In that case, she said some prosecutors were required to help the elections commissioner during the investigation to secure search warrants. But the principle of separation was so strong that a different team of prosecutors was assigned to assess whether charges should be laid and to handle the case when it went to court.
The Commons committee studying Bill C-23 has heard similar warnings about the inadvisability of moving the investigative branch of Elections Canada into the public prosecutor’s office.
“Bill C-23 would bring under the same roof two functions that are normally, and for good reasons, kept separate,” commissioner Cote told the committee last week.
He added that it “also raises concerns with respect to at least the perceived independence of the commissioner from the government of the day.”
Cote’s predecessor, William Corbett, issued a similar warning.
Apart from the principle of keeping the two functions separate, Corbett said there are practical, operational reasons why moving the commissioner out of Elections Canada is a bad idea.
“Elections Canada is a vital centre of information and intelligence and expertise in federal electoral matters and there isn’t any other,” he said. “The director of public prosecutions certainly is not.”
Moreover, he said investigators are usually housed within a regulatory agency like Elections Canada because “the goal is not prosecution, the goal is compliance” with the legislation the agency is responsible for implementing.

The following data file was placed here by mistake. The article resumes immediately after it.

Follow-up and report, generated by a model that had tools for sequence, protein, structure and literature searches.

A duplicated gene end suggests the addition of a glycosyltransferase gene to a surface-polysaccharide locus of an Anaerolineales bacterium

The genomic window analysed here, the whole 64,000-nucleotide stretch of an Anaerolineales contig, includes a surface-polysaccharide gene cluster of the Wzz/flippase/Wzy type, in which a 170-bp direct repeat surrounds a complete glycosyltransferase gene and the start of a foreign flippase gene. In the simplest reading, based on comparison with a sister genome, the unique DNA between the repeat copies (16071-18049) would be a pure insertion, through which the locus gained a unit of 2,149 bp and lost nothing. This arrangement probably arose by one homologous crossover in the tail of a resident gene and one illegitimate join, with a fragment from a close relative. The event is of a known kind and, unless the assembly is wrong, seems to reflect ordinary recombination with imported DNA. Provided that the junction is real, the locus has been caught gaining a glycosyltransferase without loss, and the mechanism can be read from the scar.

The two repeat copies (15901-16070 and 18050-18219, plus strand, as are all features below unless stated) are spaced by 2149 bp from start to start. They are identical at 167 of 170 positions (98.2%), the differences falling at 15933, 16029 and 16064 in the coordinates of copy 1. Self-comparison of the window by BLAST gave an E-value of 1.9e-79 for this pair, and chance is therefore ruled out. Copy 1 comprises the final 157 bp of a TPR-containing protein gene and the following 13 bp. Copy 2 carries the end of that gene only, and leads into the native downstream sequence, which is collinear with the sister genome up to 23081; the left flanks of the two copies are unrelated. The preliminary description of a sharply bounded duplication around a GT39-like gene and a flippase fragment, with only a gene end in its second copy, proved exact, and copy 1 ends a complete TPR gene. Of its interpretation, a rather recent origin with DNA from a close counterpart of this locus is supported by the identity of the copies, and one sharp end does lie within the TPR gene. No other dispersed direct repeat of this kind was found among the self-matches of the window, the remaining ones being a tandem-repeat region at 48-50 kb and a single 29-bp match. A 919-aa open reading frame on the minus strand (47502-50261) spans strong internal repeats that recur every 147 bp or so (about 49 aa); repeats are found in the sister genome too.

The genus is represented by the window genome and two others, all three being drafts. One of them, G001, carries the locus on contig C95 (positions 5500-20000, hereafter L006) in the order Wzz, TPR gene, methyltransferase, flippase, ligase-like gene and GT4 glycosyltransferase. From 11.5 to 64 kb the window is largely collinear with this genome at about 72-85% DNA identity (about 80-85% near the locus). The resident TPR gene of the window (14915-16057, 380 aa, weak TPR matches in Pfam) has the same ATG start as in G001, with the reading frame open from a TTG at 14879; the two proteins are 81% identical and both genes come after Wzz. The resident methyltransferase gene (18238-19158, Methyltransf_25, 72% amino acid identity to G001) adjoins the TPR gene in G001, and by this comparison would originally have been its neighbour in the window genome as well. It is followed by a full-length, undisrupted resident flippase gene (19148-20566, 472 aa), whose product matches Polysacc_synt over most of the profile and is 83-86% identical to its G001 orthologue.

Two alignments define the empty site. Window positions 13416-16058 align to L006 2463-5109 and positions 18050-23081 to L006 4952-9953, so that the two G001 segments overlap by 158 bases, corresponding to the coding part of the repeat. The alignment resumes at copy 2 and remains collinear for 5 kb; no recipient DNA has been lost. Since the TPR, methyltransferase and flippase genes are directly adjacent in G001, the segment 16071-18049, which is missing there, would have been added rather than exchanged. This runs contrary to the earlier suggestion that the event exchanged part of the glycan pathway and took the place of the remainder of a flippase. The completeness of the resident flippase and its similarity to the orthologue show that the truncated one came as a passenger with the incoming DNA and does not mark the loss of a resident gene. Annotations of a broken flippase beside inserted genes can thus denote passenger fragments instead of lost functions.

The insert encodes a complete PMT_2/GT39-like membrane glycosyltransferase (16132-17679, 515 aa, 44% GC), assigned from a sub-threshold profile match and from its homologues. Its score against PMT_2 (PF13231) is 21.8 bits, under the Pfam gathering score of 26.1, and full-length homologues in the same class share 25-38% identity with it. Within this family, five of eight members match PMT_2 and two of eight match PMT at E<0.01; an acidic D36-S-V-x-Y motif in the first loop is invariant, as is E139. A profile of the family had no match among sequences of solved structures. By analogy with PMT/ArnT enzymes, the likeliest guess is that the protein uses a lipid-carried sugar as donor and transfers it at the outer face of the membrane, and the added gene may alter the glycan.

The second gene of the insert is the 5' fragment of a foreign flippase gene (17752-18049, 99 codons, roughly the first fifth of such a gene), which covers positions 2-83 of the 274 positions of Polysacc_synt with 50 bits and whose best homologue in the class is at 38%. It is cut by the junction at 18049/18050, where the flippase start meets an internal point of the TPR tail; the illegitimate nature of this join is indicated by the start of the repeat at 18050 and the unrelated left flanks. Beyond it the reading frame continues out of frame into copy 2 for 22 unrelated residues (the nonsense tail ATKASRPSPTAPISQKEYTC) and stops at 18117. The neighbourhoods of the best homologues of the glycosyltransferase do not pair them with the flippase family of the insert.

During election campaigns, Corbett said the elections commissioners’ team of investigators and legal advisers work 12 hours a day monitoring the conduct of parties and candidates and investigating irregularities and complaints. The goal is to ensure the law is obeyed as the campaign progresses, not to compile evidence for prosecutions down the road.
“I don’t know who is going to do it in the next election because I’m certain the DPP (director of public prosecutions) isn’t going to do it. I don’t know who else is going to do it.”
Bill C-23 would not only move the investigative branch out of Elections Canada, it would cut the chief electoral officer out of the process of choosing an election commissioner and bar anyone who has worked for Elections Canada from applying for the role.
Poilievre’s rationale appears to be based on the assumption that the chief electoral officer, whom the Conservatives have accused of bias against their party, has been directing investigations.
Both Cote and Corbett categorically denied that. They said the commissioner has complete independence in conducting investigations.
From her experience dealing with Elections Canada, Blais said the perception of bias is “wrong.”
“They were consummate professionals … They agonized over every decision they made, they justified their position, they sought out advice and they had evidence to back up any kind of complaint or charge that was made,” she said.
“There was no political bias, absolutely not.”